Genius in any field is a rarity, often displayed in a brief “a-ha” moment and seldom as a continuum. Sustaining it to age 90, like Lawrence Holofcener, defies most human boundaries.
The topic of genius has been most recently highlighted with the news of National Geographic doing a ten-part television series on Albert Einstein and a companion lead article in their May 2017 magazine titled “What is Genius?” Also the press recently announced that Eleanor Coppola, Francis Ford Coppola’s wife, at age 80 has become an atypical feature filmmaker with the release of her first movie Paris Can Wait.
As National Geographic declares, “Some minds are so exceptional that they changed the world. We don’t know what exactly makes these extraordinary people soar above the rest of us, but science offers clues.” In a comprehensive study on age and achievement across fifteen fields of discipline, it was observed that an individual’s peak years seldom exceed beyond age fifty. After that, creativity rapidly drops off due to deteriorating health and lower motivation and drive.
Psychologist Dean Keith Simonton “maintains the arc of a career depends on two things, your chosen discipline and how soon you master it.” He declares “a first-rate genius at 80 is worth more than a second-rate talent at half that age."
I met Lawrence obliquely enough. While working on the ideal book cover, my illustrator for Churchill and Roosevelt: The Big Sleepover at the White House discovered an image on the Internet of a sculpture called Allies. It’s a life-size bronze of Churchill and Roosevelt chatting amicably on a park bench created by Lawrence in 1995 to celebrate 50 years of peace in Western Europe. Born in 1926, he was 69 when he completed this work.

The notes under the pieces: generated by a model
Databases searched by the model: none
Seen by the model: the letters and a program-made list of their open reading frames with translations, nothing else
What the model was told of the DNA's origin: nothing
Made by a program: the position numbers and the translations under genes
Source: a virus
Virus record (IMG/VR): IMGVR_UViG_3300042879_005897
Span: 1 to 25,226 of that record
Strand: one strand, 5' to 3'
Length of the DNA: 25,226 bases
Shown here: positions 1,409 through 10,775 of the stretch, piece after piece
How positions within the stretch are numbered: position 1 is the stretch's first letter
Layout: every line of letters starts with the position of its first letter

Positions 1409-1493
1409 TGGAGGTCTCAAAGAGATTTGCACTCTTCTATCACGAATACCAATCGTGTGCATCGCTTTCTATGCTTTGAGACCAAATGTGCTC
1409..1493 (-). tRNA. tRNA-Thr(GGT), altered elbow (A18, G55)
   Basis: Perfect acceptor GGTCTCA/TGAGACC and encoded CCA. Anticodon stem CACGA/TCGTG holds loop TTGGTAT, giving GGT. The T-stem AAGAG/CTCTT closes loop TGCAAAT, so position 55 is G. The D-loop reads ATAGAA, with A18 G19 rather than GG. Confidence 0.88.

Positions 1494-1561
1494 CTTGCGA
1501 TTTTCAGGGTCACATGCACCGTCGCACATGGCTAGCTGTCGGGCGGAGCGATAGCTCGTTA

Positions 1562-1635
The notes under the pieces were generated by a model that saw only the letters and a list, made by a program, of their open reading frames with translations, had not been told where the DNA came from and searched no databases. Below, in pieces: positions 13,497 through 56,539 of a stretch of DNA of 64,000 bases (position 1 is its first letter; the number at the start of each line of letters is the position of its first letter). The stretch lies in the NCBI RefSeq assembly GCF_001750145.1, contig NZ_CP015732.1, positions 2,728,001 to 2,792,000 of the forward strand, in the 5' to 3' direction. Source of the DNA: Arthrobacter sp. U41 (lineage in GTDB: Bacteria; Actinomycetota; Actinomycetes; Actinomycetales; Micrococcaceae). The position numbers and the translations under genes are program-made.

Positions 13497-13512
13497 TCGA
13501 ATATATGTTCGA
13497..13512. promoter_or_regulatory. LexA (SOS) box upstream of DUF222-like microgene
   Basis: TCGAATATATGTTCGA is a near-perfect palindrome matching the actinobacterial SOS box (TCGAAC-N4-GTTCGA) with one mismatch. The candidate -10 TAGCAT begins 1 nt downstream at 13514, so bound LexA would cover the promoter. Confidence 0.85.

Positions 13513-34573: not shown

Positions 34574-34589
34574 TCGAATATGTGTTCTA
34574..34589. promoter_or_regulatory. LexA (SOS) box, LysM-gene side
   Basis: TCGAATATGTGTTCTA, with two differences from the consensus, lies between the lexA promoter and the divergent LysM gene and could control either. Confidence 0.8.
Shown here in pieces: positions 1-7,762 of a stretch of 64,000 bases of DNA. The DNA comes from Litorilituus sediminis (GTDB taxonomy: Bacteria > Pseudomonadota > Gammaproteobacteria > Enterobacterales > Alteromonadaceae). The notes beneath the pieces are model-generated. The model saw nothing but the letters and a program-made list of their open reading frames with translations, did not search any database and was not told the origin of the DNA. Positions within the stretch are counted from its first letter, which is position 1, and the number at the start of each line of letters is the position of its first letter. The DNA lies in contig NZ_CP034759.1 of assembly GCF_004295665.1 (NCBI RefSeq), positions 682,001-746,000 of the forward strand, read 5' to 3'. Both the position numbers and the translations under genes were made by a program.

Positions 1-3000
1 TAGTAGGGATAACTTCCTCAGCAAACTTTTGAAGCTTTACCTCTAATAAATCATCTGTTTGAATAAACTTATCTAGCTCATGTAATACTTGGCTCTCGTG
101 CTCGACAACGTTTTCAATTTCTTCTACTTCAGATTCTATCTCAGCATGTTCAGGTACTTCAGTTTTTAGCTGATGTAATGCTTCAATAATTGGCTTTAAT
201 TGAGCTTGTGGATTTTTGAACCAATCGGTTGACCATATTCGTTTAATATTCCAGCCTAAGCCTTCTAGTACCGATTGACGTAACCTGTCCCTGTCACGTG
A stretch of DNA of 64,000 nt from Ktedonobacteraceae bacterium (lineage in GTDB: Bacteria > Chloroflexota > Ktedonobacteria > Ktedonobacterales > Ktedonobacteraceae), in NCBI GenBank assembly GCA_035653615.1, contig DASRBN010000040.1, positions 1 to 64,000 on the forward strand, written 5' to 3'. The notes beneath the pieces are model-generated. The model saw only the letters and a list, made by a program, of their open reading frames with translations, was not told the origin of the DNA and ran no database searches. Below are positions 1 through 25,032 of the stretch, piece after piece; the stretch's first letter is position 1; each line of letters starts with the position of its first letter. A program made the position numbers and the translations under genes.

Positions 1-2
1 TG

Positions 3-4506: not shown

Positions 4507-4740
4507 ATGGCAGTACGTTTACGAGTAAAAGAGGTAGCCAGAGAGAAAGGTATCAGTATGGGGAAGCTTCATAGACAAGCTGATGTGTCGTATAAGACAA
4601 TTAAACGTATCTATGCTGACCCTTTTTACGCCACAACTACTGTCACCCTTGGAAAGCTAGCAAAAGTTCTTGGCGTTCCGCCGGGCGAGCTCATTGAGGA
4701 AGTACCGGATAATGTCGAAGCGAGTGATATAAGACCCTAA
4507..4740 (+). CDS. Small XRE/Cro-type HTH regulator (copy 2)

Allies has become the most frequently photographed sculpture in Great Britain because it’s quite striking and you can sit between the two gentlemen like you’ve known them all your life. The image belonged to Bonham’s British Auction House, one of the oldest in the world dating back to 1793. They had just sold a limited edition of Lawrence’s’ famous Allies sculpture for almost $649,000. Amazingly, when I approached Bonham’s, they graciously said we could use the image provided the buyer of the piece and the sculptor also granted their permission.
Permission from Lawrence and his lovely wife Julia, a creative force in her own right, eventually led to a never too late new friendship, culminating with a visit to their home in Florida last summer. While there, I discovered more about the amazing creative career Lawrence blazed as a musician, actor, director, novelist, playwright, poet, sculptor, and painter. His creativity across several disciplines knew no age restrictions.
Lawrence began his creative career in the 1950s writing lyrics for Jerry Bock. Their early success was writing songs for the Broadway scores of Mr. Wonderful, starring Sammy Davis Jr. and Catch a Star. Some of his other popular song compositions included Too Close for Comfort, Without You I’m Nothing, Raining It’s Raining, and the The Story of Alice, which was recorded by the Chad Mitchell Trio.
In the 1960’s, Lawrence shifted his attention to acting on Broadway. He first performed in Stop the World – I want to Get Off. Next he played opposite Carol Channing and then Ginger Rogers in Hello Dolly. Meanwhile, his former writing partner, Bock wrote Fiddler on the Roof and eventually Lawrence starred in that musical. Later, he acted in the movie Thin Ice as well as Walking and Talking.
Lawrence moved on to writing plays, including Before You Go which began on Broadway and then was produced in regional theatres in Britain, Paris, Sweden, and Mexico City. His subsequent musical I Don’t Live There Anymore was a hit at the 1993 Spoleto Festival in Charleston, SC.